Finally, there is no such thing as instant gratification when it comes to SEO. If someone is promising you fast results they are lying. Long lasting results take time and persistence. It usually takes a few months or more to get to the top and it's usually pretty bumpy in the beginning. In the first couple of months you'll probably see some ups and downs. Good seo requires constant updates and new back links to valuable sites.

Interested in a search engine friendly artist website? Learn about our artist memberships.

Wednesday, April 4, 2012

Sell Fine Art Online - Part 8: Online Marketing

Online marketing is an important part of selling fine art online. Simply having a well-designed artist website or gallery website doesn't guarantee success. Fine art websites provide artists with an online venue for selling fine art, but the trick is how to drive traffic to those websites.

There are several ways of marketing art online or driving traffic to your fine art website:
  • Search Engine Optimization - SEO
  • Google Adwords?
  • Pay Per Click Advertising
  • Yelp, Google Places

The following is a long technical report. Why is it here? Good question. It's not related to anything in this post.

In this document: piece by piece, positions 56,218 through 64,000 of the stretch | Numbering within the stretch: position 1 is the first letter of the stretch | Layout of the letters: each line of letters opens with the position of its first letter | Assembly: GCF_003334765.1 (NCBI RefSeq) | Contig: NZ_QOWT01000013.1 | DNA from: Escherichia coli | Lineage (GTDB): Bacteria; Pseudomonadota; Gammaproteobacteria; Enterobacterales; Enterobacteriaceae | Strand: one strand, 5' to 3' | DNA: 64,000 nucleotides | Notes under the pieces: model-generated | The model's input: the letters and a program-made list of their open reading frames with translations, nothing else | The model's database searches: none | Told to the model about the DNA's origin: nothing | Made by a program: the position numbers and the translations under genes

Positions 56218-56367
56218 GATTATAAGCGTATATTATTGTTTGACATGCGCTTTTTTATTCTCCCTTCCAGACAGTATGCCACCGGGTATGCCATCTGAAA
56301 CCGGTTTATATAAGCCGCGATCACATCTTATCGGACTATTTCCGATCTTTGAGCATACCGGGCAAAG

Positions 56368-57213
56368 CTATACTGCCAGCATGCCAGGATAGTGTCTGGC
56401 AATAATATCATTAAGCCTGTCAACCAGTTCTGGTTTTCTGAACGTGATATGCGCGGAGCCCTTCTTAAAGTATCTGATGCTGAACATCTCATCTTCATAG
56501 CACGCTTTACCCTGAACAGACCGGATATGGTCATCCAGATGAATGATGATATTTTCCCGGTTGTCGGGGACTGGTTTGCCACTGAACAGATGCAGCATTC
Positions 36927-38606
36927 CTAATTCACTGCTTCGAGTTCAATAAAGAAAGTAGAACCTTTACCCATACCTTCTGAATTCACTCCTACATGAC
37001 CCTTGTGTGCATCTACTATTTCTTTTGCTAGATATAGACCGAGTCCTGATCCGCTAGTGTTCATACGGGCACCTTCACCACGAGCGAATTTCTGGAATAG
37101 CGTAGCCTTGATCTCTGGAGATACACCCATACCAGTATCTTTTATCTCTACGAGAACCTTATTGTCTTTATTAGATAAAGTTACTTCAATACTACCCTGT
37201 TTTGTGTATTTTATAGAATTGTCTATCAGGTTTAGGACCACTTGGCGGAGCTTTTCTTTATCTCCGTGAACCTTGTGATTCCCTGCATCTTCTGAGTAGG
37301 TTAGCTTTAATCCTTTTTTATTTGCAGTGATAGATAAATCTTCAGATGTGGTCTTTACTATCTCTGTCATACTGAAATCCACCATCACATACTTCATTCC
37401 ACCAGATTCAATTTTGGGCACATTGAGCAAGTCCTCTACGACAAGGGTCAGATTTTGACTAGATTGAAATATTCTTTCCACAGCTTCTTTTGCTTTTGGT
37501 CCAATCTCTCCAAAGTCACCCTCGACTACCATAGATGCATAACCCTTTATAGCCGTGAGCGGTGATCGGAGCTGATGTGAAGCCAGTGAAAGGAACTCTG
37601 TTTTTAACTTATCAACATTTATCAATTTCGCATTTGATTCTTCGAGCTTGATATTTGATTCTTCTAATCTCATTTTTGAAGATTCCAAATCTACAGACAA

• Blogging
  • Social Networking 
  • Email Marketing
All of the items listed above are all about trying to drive "interested" traffic to your website to buy artwork. I say "interested", because there is no reason to drive "uninterested" traffic to your website. This may seem like an obvious statement, but this is something way too many artists people don't understand or just simply miss.

People will often throw tons of money into pay per click campaigns and they think the more money they spend the better their results will be. This is not the case. Successful campaigns are not just about spending money. They require a lot of thought and planning. Heavy traffic from uninterested visitors will get you nowhere.

You have to put yourself in the mind of your ideal collector. How does a collector go about finding your type of artwork online? Google, Art Related Websites, Blogs, Yelp? If they're going to Google, what keywords are they looking for?

"Snow Creek" by Quang Ho
Don't market for every type of art. Market by media, subject, and style. If you're a oil painter who paints landscapes, why would you market to collectors interested in abstract charcoal drawings of kittens? Don't waste money on collectors who don't collect your type of artwork.

As a landscape oil painter, look for online venues that are about landscapes, oil paintings or both. If you're an abstract artist, look for those venues. There are so free online venues, blogs, and social networks out there. Take advantage of them.

I'm not suggesting that you neglect online venues that cater to all artwork types. Some collectors may not know what kind of artwork they're looking for. In those cases, they may seek out fine art websites with more variety.